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$22 Billion Gathering Dust: Historic Surplus Fails to Address Key Priorities

Lawmakers in Texas reached a significant milestone by finalizing a historic budget plan for the upcoming two years, amounting to a staggering $321.3 billion – after boasting the largest budget surplus ever. Nevertheless, the budget has become a subject of intense debate and controversy, primarily due to its failure to address crucial issues, leaving a substantial amount of funds unused.

The budget, known as the General Appropriations Act for 2024-25, includes allocations for various sectors, such as tax cuts, mental health access, state employee pay raises, border security, state parks expansion, and infrastructure development for broadband and water.

Even though it was passed with overwhelming support in both chambers, the contentious policy fights between the House and Senate led to approximately $22 billion worth of commitments being excluded from the budget contingent on certain legislation being passed.

The $22 billion encompasses $4.36 billion earmarked for education, which includes: $500 million earmarked for vouchers and $50 million earmarked for virtual education, both of which didn’t pass; and $3.9 billion for school finance formula changes and teacher compensation, which also didn’t pass. In addition, $17.6 billion for property tax relief now sits on the table – unused.

Despite having a historic budget surplus, no Texas public school employee received a raise, nor were there significant increases in school funding. Instead, budget writers decided to hold public education funding hostage, setting aside those $4 billion that could only be used if a divisive bill creating a private school voucher program was passed – House Bill 100 ultimately died due to the voucher amendment.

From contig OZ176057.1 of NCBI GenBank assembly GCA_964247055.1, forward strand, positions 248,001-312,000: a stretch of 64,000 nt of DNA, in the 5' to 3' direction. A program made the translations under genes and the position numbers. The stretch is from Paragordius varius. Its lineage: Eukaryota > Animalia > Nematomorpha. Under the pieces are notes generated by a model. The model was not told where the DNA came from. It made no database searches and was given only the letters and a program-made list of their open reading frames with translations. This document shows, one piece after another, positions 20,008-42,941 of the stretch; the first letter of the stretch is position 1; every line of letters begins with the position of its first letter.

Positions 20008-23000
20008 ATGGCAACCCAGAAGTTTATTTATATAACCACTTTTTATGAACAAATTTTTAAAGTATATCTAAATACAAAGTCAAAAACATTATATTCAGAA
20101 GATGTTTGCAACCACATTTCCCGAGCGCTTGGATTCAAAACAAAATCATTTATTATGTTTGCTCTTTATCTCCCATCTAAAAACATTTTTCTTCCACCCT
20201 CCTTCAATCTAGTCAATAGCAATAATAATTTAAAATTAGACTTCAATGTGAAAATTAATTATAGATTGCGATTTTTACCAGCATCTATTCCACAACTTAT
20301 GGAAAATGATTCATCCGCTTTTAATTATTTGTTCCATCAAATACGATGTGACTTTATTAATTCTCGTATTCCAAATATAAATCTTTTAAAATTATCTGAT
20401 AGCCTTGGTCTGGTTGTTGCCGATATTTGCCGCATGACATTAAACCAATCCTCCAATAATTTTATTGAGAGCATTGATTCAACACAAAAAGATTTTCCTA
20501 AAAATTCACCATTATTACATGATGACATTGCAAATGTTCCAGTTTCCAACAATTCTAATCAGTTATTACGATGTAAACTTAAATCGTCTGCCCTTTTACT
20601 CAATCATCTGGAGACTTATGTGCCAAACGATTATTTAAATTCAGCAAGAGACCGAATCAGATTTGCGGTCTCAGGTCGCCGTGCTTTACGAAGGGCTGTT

Here is a list of public education funding priorities that died thanks to Gov. Greg Abbott’s obsession with vouchers: 

  • School finance reform, including special education funding (HB100, SB8, and SB1474

Even though a school safety omnibus bill did pass, public school advocates were concerned with the Senate’s underfunding of school safety mandates in the bill for school districts, most of which ultimately were kept in the final negotiated version of House Bill 3.

The amount of money left unspent is triggering criticism from Democrats who said that money could have been used to do more for public schools and teachers.

“Money for a property tax cut doesn’t put gasoline in the school bus,” said state Rep. Trey Martinez Fischer, a San Antonio Democrat and member of the budget-writing committee who voted against the budget. “Money from a tax cut doesn’t put new ovens in the cafeteria. It does nothing to fix the leaky roof in the gym or pay more for food service workers and bus drivers. I worry there is no safety net if these contingencies do not come to pass.”

Not only did important public education funding bills fail, but also other key priorities in critical areas such as grid infrastructure, gun safety, and elections. Here is a list of other bills that died this legislative session:

  • Health: Medicaid Expansion, Student Mental Health Allotment, and Automatic Enrollment of Children into Medicaid/CHIP.
  • Gun Safety/Gun Violence Prevention: Raising the Age to Purchase a Firearm from 18 to 21, Background Checks, Red Flag Law, and Assault Weapon Ban.
  • Grid/Infrastructure: Raise Energy Efficiency Goals and Fund Energy Efficiency Programs, Electricity Consumer Protections, Mandate All Natural Gas Supply Infrastructure Weatherize and Increase Penalty For Lack of Compliance, and Demand Solutions (Including Demand Response.)
  • Elections: Online Voter Registration. 
RA Staff
RA Staff
Written by RA News staff.


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